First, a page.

Objectives: To determine whether texture analysis of non-contrast enhanced computed tomography (CT) images in apparently disease-free areas of the liver is altered by the presence of extra- and intra-hepatic malignancy in colorectal cancer patients.
Materials and methods: Hepatic attenuation and texture were assessed from non-contrast enhanced CT in three groups of colorectal cancer patients: (A) 15 controls with no malignancy; (B) nine patients with extra-hepatic malignancy but no liver involvement; (C) eight patients with hepatic metastases. Regions of interest were manually constructed only over apparently normal areas of liver tissue excluding major blood vessels and areas of intra-hepatic fat, which may otherwise alter CT texture irrespective of the presence of malignancy. Texture was analysed on unfiltered images and following band-pass image filtration to highlight image features at different spatial frequencies (fine: 2 pixels/1.68 mm in width, medium: 6 pixels/5.04 mm and coarse: 12 pixels/10.08 mm). The relative contributions made to the image by features at two different spatial frequencies were expressed as filter ratios (fine/medium, fine/coarse and medium/coarse). Texture was quantified as mean grey-level intensity, entropy and uniformity.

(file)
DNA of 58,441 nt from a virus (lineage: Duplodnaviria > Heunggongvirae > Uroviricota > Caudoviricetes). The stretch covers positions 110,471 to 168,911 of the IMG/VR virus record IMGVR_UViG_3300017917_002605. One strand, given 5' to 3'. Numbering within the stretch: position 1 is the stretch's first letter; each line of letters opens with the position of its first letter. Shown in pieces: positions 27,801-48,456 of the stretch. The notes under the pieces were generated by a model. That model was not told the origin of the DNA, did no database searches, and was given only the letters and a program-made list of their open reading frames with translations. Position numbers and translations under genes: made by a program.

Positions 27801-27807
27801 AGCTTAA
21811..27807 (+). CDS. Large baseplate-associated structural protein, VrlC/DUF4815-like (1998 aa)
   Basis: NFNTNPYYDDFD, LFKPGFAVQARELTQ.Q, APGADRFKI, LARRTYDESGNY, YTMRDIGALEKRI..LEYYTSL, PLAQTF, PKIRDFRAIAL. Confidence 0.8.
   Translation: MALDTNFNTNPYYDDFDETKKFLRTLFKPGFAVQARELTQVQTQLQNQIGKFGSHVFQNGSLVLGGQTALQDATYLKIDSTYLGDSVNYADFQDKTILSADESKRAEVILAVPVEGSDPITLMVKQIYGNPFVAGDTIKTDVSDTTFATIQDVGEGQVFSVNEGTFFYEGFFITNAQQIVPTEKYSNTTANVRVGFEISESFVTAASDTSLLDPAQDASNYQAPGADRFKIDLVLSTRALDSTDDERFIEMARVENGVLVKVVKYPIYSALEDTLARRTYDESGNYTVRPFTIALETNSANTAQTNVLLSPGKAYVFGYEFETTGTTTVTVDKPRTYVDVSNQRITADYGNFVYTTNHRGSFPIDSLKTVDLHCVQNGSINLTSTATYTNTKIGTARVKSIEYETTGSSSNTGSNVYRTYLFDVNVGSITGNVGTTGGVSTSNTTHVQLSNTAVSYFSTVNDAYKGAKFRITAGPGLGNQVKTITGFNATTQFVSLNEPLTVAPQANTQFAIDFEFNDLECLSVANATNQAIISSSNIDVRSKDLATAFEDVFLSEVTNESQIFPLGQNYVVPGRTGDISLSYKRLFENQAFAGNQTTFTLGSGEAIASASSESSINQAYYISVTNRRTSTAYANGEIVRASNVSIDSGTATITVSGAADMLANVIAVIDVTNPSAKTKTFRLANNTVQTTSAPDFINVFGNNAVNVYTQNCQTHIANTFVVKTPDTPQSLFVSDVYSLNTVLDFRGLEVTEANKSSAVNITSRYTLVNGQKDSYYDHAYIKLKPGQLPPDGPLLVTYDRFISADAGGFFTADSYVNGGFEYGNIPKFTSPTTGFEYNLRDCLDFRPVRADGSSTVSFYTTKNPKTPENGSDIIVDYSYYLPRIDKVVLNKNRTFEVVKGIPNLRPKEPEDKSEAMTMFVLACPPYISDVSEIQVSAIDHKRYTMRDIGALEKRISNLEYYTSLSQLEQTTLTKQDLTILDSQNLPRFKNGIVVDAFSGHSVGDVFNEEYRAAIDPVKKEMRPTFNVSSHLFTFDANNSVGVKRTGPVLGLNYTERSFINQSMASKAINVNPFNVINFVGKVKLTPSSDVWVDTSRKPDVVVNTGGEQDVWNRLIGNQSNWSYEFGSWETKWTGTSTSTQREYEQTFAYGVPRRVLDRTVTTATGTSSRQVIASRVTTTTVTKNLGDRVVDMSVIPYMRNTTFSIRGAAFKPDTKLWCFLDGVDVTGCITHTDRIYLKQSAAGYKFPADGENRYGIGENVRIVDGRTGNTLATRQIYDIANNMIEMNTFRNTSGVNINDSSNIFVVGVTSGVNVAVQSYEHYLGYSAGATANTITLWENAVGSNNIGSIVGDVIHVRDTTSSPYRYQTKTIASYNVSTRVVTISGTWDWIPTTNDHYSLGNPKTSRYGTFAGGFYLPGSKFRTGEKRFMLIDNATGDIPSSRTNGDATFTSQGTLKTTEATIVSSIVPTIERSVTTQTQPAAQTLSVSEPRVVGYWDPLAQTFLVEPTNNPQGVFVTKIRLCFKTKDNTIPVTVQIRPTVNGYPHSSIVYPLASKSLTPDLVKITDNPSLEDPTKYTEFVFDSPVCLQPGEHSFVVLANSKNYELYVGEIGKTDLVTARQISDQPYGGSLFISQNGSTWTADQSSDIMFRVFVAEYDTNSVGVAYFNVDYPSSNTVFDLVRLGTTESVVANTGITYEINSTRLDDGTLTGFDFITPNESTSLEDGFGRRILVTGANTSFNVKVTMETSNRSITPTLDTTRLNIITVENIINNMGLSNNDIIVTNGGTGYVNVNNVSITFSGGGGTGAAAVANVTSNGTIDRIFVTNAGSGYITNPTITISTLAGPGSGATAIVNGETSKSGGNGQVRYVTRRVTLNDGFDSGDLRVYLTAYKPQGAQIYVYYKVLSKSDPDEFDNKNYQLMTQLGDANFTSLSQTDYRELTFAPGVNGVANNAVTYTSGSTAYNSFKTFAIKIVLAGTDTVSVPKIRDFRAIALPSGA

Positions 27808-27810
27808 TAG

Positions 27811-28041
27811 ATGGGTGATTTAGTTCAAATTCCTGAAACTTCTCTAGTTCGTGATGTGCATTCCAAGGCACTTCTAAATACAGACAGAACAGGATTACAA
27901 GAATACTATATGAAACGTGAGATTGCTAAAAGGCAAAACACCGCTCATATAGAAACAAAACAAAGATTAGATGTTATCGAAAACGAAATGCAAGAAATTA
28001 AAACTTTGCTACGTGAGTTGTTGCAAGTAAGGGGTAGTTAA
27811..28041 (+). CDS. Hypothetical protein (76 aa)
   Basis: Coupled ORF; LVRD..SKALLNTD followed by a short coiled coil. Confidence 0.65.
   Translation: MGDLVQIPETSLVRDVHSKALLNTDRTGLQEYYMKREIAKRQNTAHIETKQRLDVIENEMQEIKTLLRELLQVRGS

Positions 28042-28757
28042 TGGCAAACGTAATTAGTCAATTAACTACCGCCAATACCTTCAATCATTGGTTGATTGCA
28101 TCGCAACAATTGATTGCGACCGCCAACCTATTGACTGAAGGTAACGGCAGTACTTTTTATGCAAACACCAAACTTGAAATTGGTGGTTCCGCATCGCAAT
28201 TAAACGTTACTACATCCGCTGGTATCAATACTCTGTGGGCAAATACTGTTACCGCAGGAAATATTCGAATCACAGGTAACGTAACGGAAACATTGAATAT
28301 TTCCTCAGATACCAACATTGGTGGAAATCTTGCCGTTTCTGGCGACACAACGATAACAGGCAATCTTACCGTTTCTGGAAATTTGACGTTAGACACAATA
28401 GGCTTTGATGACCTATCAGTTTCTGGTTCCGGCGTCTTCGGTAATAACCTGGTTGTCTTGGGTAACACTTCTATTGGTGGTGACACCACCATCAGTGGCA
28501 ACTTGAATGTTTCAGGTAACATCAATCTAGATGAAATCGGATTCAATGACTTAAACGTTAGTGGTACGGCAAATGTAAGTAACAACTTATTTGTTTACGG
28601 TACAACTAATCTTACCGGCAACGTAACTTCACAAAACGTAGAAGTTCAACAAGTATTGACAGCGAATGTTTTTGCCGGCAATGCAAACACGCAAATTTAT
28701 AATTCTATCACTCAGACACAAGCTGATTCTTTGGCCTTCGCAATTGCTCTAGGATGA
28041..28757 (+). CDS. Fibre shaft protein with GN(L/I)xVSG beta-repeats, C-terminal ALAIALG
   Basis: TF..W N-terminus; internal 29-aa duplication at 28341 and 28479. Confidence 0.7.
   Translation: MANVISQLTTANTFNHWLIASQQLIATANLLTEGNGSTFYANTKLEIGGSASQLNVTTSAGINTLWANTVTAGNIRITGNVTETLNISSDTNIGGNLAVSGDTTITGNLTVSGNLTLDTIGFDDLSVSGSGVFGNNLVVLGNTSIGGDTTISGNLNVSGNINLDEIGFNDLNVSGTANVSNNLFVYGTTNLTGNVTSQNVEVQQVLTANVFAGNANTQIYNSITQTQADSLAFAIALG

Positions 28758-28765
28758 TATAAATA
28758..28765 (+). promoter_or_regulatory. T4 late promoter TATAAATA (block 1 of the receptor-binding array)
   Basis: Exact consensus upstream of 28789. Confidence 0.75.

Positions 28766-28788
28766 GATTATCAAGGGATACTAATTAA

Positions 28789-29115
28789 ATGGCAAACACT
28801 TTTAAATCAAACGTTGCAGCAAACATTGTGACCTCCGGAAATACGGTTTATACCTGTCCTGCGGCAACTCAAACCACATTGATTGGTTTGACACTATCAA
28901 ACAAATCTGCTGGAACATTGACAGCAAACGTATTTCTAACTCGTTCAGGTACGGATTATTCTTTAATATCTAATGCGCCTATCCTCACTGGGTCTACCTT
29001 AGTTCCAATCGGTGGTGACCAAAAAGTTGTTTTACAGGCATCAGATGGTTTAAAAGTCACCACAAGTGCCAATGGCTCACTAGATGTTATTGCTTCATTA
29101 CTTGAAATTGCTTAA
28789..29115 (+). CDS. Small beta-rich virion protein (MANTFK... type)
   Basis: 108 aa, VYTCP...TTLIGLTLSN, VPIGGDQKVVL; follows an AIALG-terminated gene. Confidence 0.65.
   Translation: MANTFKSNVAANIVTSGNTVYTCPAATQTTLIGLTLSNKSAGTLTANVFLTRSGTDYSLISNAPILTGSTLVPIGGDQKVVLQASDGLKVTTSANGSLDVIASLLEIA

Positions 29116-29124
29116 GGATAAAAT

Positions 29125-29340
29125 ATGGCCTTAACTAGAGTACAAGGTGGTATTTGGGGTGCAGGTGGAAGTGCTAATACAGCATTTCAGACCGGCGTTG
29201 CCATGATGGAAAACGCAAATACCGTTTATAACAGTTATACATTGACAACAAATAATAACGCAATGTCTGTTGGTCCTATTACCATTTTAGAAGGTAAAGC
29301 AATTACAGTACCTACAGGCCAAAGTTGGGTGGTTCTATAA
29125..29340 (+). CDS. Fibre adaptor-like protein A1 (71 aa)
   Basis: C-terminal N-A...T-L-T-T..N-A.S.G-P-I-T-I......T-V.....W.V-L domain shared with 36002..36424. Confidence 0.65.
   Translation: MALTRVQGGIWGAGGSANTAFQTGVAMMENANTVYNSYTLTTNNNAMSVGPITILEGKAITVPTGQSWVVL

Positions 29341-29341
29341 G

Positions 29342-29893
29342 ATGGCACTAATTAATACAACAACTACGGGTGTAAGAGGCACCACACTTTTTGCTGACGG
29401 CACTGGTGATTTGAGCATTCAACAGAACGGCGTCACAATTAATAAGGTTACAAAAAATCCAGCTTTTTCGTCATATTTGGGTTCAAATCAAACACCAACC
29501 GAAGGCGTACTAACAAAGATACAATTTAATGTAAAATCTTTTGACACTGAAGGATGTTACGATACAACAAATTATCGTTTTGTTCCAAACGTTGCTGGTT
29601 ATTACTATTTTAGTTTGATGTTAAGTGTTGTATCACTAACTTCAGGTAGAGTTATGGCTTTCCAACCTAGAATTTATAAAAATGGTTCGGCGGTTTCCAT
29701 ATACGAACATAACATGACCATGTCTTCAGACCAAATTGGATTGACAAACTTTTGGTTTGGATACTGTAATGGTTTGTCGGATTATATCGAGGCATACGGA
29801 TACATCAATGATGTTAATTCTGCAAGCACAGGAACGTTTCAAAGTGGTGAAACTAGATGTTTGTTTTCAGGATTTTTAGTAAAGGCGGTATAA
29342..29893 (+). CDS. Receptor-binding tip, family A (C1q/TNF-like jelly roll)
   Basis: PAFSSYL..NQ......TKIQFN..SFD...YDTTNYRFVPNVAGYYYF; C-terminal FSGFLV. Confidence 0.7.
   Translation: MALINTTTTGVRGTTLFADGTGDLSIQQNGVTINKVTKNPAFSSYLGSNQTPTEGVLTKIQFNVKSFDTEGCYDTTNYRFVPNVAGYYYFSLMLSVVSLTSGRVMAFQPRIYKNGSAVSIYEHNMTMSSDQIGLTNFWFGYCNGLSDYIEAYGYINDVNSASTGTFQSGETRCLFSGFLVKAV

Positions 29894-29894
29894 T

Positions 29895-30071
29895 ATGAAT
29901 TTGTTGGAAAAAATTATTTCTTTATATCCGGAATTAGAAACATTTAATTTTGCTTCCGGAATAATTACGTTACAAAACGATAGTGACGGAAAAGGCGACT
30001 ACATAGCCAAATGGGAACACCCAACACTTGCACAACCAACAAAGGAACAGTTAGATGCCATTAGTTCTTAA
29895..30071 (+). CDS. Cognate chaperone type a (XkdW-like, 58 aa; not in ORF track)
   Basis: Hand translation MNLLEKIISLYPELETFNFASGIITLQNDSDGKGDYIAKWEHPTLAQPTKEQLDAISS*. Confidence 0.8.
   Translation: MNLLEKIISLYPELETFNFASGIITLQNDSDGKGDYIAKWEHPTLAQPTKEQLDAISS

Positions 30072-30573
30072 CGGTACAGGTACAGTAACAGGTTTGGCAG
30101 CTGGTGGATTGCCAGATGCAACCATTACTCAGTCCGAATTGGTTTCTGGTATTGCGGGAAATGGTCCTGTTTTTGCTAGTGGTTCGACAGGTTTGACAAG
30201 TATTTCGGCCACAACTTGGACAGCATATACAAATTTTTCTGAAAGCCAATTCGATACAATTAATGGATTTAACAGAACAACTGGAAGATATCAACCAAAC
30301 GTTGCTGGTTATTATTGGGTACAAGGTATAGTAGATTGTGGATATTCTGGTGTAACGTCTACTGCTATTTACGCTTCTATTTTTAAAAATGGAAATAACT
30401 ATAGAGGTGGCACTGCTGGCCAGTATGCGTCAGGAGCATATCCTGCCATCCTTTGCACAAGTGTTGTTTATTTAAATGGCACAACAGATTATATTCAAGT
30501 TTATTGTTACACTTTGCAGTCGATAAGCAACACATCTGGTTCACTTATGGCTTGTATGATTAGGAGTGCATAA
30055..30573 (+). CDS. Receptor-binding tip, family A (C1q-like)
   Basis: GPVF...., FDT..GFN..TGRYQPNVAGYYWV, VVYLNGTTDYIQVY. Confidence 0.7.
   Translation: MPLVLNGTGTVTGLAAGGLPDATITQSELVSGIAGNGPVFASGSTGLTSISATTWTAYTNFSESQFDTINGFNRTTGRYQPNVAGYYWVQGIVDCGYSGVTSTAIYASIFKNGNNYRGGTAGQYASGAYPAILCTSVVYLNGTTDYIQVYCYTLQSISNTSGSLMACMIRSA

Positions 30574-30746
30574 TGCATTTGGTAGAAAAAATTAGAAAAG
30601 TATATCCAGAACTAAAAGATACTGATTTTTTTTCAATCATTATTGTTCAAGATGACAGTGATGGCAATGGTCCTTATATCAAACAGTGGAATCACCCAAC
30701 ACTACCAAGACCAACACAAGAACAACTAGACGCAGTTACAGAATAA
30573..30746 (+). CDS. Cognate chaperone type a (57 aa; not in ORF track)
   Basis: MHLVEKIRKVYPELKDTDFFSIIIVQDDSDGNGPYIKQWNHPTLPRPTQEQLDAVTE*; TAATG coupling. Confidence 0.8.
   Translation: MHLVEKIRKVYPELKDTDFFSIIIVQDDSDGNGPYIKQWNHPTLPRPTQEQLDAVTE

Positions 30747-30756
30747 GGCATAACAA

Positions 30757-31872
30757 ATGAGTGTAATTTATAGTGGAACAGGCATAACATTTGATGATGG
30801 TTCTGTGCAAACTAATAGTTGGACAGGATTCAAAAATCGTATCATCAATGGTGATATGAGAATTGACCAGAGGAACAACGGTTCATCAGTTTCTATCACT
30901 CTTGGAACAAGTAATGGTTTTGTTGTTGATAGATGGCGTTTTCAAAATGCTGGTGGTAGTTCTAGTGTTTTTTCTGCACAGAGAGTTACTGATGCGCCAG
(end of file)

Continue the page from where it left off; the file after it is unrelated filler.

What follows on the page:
Results: Texture was not altered on unfiltered images whereas relative texture analysis following image filtration identified differences in fine to medium texture ratios in apparently disease-free areas of the liver in patients with hepatic metastases as compared to patients with no tumour (entropy, p=0.0257) and patients with extra-hepatic disease (uniformity, p=0.0143).
Conclusions: Relative texture analysis of unenhanced hepatic CT can reveal changes in apparently disease-free areas of the liver that have previously required more complex perfusion measurements for detection.